HL Deb 17 December 1975 vol 366 cc1430-2

2.39 p.m.


My Lords, I beg leave to ask the Question which stands in my name on the Order Paper.

The Question was as follows:

To ask Her Majesty's Government whether they will introduce a system of commendation or awards for members of the public whose initiative or actions lead to the arrest and conviction of terrorists.

The MINISTER of STATE, HOME OFFICE (Lord Harris of Greenwich)

My Lords, we believe that existing arrangements for according recognition to members of the public whose actions lead to the arrest of offenders—whether terrorists or not—are adequate.


My Lords, terrorism has today become a ruthless and diabolical outrage against humanity. Would it not help to stamp it out if acts of courage or alertness leading to the crushing of the criminal gangs concerned were specially recognised and commended? The police are to be warmly congratulated on a very successful operation ending in the Balcombe Street surrender and in finding bomb factories—another one is reported today. But will the Minister confirm that initiatives by the public in taking swift action and providing information are of the greatest help in closing the net?


Yes, my Lords; I agree with the latter point which has been made by the noble Lord. It is obviously most important that we receive the maximum possible assistance from members of the public and we have certainly received such assistance. But I am by no means convinced, nor is my right honourable friend, that the offering of rewards of this character would necessarily accelerate this process. Having said that, may I join the noble Lord in congratulating the Commissioner of Police and all the officers working with him on the successful outcome of the Balcombe Street siege? It was a remarkable triumph and I think we should acknowledge that fact today.


My Lords, will my noble friend bring to the notice of his right honourable friend the Home Secretary the brave action of two police officers last Thursday night in Mansfield, Nottinghamshire, which led to the arrest of the "Black Panther"?


My Lords, I am certainly well aware of this incident, but as the matter is sub judice I had better be a little cautious in responding to the point which my noble friend has raised.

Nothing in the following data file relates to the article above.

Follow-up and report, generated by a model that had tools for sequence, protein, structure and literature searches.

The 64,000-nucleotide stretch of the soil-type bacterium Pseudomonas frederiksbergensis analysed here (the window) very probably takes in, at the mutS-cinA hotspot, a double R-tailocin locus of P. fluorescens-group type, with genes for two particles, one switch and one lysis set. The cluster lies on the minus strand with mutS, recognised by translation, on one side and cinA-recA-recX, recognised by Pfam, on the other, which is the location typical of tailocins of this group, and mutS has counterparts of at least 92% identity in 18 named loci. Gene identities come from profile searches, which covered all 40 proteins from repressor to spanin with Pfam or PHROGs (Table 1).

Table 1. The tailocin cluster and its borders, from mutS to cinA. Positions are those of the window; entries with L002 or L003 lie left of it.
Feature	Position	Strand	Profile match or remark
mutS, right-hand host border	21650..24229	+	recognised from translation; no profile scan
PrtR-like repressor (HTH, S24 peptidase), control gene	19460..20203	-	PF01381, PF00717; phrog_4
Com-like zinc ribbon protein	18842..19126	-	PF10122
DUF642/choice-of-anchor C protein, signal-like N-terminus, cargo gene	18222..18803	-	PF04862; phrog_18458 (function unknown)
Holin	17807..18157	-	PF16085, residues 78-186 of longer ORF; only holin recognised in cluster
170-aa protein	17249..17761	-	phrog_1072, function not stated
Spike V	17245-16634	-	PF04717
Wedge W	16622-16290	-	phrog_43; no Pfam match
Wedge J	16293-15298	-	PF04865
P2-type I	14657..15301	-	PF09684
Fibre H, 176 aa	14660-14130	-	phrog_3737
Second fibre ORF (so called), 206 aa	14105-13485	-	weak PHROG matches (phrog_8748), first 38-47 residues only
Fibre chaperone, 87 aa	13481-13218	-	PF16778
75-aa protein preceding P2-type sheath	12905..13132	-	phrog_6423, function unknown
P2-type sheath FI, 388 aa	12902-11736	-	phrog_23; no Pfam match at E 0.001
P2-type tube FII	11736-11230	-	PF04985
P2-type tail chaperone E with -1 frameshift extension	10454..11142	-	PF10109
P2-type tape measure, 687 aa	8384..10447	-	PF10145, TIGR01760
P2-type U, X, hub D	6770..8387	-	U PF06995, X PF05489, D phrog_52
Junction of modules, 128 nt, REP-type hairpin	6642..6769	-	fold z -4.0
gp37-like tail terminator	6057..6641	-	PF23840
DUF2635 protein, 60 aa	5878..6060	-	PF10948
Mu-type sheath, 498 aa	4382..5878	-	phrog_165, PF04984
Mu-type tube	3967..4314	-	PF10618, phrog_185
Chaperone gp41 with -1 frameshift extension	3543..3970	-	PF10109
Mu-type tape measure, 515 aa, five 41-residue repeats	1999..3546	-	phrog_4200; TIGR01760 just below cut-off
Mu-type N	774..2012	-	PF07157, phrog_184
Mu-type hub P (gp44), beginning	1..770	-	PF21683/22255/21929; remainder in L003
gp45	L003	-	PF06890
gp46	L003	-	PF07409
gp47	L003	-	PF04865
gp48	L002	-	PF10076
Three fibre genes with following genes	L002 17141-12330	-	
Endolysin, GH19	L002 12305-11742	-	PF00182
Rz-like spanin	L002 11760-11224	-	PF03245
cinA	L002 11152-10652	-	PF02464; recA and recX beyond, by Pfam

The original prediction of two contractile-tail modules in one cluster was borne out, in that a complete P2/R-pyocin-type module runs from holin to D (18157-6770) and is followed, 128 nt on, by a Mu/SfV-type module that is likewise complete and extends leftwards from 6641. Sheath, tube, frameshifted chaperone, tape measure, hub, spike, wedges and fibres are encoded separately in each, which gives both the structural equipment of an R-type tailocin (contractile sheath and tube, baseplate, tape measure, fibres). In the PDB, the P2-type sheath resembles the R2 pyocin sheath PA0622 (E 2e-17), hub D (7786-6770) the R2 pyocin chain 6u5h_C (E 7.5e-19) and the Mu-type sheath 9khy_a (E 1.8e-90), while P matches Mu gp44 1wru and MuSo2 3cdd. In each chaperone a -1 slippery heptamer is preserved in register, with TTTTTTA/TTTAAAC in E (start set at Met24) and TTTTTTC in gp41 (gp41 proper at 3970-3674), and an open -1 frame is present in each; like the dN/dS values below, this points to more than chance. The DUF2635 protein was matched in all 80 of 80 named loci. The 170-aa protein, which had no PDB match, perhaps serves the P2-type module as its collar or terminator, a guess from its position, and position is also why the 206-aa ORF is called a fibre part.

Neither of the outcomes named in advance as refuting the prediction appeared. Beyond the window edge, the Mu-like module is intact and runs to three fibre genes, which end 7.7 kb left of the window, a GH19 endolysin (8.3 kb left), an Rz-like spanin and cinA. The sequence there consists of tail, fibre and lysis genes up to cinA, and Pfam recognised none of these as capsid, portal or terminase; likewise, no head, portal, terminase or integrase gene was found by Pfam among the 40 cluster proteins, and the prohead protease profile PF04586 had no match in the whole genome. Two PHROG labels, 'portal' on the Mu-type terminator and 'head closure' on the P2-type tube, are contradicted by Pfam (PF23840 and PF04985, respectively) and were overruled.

Viscount ST. DAVIDS

My Lords, will my noble friend agree that there is value in the point that the IRA is split into many and strange factions, many of which are quite prepared to tell on each other? If they knew that all their various friends were able to be handed large sums of money, would it not encourage the IRA to look over their shoulder even more and distrust their friends?


My Lords, that would be a persuasive point but for one reason: that such a scheme was introduced in Northern Ireland but withdrawn a year ago because it was then decided that it had not achieved the purpose which had been set out when it was introduced.


My Lords, will the noble Lord bear in mind that one of the great successes in breaking the Communist terrorist activities in Malaya was the result of information and the generous rewards given to those who provided it which led to the detection, arrest, conviction and eventually the defeat of that menace? Therefore, would not the noble Lord consider most carefully whether the points which have been put by my noble friend on the Opposition Front Bench are worthy of reconsideration, in view of the grave danger now existing in our midst?


My Lords, the minds of my right honourable friend and myself are not by any means closed to any proposition which may be advanced in this matter. Our objective is to smash IRA terrorism and we shall take whatever action is necessary to do that. At the moment, however, we are not convinced that this is necessary. Indeed, the point made by the noble Lord on the Opposition Front Bench made this absolutely clear. We have achieved a remarkable triumph in the last week without the offer of rewards of this character.


My Lords, is the noble Lord aware that my proposal applies to terrorists of all kinds and that unfortunately there are other terrorists in the world who could still be successful? Will the Government also keep their mind open to the question of commendation, if not awards, as this could be voluntary if the persons concerned did not wish to be identified?


My Lords, certainly that will be kept in mind. As the noble Lord will recognise, the police in England and Wales—and I am sure that the same is true of the police in Scotland—are able to make monetary payments in appropriate cases. That applies just as much to terrorist cases as to any other kind.